When Arcade Games ruled the earth back in the 80s, there was (and continues to be) a subgenre known as the fighting game. Some of these, including Double Dragon and Mortal Kombat lived to become film adaptations and it took almost 20 years but now so does Tekken. That’s not necessarily a good thing.

Jin (Foo) is a young fatherless man living in 2039. World War III has decimated the population of the planet and rendered a good portion of it uninhabited. Corporations rules the world now and have divided the planet amongst themselves (which gives corporations more credit for co–operation than they probably deserve). North America is ruled by the Tekken Corporation, which in turn is ruled by Heihachi Mishima (Tagawa).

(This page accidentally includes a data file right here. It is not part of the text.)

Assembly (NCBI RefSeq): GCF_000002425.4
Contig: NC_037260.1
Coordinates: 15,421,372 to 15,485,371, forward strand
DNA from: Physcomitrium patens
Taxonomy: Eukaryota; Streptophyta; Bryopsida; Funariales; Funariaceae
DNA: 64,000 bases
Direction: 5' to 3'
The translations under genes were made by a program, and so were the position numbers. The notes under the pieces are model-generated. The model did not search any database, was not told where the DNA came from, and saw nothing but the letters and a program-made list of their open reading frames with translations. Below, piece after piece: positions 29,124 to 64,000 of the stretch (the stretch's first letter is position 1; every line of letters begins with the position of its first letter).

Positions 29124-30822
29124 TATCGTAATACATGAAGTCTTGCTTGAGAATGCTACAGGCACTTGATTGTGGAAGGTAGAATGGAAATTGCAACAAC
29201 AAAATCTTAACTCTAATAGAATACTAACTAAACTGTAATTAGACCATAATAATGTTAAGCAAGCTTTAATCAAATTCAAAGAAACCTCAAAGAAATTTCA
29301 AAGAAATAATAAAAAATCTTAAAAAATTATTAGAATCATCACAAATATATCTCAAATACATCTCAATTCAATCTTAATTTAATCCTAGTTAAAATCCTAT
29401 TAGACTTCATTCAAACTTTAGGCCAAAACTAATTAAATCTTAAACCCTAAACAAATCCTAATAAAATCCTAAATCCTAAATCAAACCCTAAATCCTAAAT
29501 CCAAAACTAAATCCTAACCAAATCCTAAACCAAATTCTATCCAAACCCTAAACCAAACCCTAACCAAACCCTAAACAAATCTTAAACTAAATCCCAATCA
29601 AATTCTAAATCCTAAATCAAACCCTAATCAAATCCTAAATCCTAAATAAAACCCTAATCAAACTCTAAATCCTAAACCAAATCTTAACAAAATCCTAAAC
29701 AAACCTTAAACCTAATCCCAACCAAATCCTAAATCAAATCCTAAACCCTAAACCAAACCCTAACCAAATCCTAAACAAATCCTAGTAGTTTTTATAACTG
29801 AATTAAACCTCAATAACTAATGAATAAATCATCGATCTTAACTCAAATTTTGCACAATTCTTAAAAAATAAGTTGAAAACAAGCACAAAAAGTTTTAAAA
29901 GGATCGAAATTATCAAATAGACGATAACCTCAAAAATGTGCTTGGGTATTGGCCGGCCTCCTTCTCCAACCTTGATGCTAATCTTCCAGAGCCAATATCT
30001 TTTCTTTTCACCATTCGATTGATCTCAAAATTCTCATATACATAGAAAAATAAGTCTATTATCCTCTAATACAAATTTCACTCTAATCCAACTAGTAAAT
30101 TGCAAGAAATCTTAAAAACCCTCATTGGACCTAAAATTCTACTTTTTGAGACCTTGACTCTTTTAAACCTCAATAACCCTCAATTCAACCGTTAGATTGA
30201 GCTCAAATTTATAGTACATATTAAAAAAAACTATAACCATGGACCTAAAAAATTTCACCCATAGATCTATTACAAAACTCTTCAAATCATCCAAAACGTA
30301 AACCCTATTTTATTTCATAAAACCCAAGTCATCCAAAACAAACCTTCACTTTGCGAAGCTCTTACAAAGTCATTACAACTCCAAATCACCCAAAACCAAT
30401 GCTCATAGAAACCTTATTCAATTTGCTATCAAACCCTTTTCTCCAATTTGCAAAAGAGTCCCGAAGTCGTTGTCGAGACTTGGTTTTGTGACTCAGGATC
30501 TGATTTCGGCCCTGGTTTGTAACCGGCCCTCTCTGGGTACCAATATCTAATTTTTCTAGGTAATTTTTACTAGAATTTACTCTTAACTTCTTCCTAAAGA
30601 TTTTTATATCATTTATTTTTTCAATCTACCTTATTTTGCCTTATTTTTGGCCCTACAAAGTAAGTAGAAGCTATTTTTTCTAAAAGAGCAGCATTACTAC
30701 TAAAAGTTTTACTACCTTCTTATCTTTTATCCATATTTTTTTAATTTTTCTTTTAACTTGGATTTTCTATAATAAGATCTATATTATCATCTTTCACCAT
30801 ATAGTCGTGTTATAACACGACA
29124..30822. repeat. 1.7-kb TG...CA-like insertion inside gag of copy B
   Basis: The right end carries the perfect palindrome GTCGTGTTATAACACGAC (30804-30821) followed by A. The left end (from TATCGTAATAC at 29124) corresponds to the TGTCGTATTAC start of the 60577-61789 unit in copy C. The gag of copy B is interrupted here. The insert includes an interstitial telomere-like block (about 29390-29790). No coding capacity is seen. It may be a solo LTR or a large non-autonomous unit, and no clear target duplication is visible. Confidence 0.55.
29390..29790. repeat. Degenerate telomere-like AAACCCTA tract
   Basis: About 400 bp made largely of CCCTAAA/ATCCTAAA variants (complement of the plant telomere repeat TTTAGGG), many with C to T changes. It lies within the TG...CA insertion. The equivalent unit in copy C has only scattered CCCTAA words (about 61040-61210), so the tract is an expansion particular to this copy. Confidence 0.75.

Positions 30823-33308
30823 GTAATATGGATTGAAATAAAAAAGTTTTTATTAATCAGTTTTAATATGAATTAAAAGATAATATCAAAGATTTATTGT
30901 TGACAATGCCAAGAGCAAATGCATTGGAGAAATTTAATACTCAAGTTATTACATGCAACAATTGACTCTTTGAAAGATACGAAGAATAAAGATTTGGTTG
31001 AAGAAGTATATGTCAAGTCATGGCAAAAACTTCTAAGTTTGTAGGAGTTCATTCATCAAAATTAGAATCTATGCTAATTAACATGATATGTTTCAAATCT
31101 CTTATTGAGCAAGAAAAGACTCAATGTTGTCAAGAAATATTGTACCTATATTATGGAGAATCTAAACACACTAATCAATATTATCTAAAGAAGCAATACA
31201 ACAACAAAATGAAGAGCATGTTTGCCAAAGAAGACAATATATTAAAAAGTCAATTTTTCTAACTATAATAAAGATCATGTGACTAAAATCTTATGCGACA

When Jin’s mother and martial arts mentor Jun (Tomita) is killed during a crackdown by Tekken’s security forces, known as the Jackhammers, Jin – who as a contraband runner was closer to the insurgents than Jun ever was – discovers in the wreckage of his home a badge identifying his mother as a fighter in the Iron Fist tournament which promises riches and fame for life for the winner. Intrigued, Jin decides to enter.

He finds the Tournament to be a mess of intrigue. Heihachi’s son Kazuya (Dale) who is also his right hand man, is plotting to take over the company from his son and is using the highly popular tournament to do it. Jin finds an ally in Christie Monteiro (Overton) and a mentor in Steve Fox (Goss), a former tournament champion who sponsors new fighters.